Have to admit: since moving in to the new place I find I’m falling more and more in heavy like with it. Not yet willing to pilot the boat to the end of the Tunnel of “Love” just yet. Give it time.
Oh there are a few little annoyances. Like the fact that the laundry room has “hours of operation”. In the Old Place, there was no time restriction. In the New Place – well you have to check your watch, and schedule the time properly or you may not be able to grab your freshly dried tightey-whiteys at the end of the dryer cycle. Which means any old early bird can get in there when it opens in the morning and abscond with them before you can rub the sleep out of your eyes.
Gauchie theft is a growing crime problem, you know. There are just too many guys out there, in poverty, who’ve never had gauchies of their own. They’ve looked at the Sears catalogue with longing for so many years, always turning to the men’s underwear section, dreaming of the day they can slip one of these bad boys onto their privates, and smile with contentment, knowing that their junk is finally contained.
But I digress.
Oh P.S. I don’t use tightey-whiteys. I’m strictly a boxers adherent. The reason for the use of the other term: artistic license.
Seems to me you can say almost anything, as long as you follow up with that all-encompassing justification.
“I think you and your family are descendants of feudal peasants who never washed, because it never occurred to them to do so. They’ve passed their penchant for soap-avoidance onto their progeny so really it’s not your fault that you smell. JUST KIDDING. Artistic license.”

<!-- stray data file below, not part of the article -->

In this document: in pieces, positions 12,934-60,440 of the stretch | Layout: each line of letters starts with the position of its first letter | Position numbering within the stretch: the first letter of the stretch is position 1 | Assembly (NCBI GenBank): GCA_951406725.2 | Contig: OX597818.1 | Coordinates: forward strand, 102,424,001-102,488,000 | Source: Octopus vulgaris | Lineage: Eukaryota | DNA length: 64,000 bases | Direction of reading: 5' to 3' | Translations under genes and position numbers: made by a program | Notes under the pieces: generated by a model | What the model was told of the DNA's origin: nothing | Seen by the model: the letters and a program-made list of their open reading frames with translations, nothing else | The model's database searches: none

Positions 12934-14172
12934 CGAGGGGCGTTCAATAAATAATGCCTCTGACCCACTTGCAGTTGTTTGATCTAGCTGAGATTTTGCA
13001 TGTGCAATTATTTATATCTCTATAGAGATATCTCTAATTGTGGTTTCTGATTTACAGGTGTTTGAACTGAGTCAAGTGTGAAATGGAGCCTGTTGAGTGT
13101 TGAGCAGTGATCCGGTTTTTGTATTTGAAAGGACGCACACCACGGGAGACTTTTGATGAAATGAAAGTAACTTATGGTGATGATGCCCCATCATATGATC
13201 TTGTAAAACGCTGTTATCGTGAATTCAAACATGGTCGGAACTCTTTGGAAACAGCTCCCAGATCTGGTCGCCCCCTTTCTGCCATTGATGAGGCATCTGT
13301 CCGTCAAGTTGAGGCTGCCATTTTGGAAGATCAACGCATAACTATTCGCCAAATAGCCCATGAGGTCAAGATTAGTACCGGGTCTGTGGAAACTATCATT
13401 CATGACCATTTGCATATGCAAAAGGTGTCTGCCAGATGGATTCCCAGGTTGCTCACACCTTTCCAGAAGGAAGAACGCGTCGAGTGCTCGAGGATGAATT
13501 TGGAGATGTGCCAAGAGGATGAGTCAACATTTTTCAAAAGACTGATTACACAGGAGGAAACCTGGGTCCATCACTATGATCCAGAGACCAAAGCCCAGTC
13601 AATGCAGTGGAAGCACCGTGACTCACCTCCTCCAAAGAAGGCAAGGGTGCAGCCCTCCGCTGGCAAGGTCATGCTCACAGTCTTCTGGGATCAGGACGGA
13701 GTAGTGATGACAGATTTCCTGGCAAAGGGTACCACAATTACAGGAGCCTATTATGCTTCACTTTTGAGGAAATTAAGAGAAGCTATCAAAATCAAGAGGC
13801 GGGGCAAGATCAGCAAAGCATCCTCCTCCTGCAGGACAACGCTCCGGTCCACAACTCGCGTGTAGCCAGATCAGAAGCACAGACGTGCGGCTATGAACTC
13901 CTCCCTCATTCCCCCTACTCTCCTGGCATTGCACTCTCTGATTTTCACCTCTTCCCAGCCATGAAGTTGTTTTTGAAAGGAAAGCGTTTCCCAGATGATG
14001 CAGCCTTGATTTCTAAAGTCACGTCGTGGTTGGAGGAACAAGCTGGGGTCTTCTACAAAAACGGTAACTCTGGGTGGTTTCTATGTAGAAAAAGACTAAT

Maybe it wouldn’t work. The only way to know for sure is to test it. If you can say the above and then walk away afterward without having to wipe blood from your nose – YOU WIN.
Getting back on topic: there is much to love about the New Place: I don’t just have air conditioning. The place has “climate control” – which is about a ton better than air conditioning. Air conditioning involves a machine that you have to spend hours trying to fit in an abnormal-sized window. You have to measure it, grab some plywood or plexiglass, and then cut it so that it fits with the air conditioner. Plus you have to find a way to anchor it in the window so that it doesn’t fall fifteen stories down right on top of that Nightmare Litigator who will sue your ass for everything you’ve got (providing that they live).
No, I have climate control, which means there is venting throughout the apartment. We each have our own controls, too. I have *never* enjoyed summer so much, ever. With climate control, there is no worry about water leaking (in my last place, water leaked onto the floor when I wasn’t home, resulting in the tiles becoming engorged and lifting. Had to get someone in to re-do the floors), and it pipes the air into all parts of the apartment. So cool, in both senses of the word.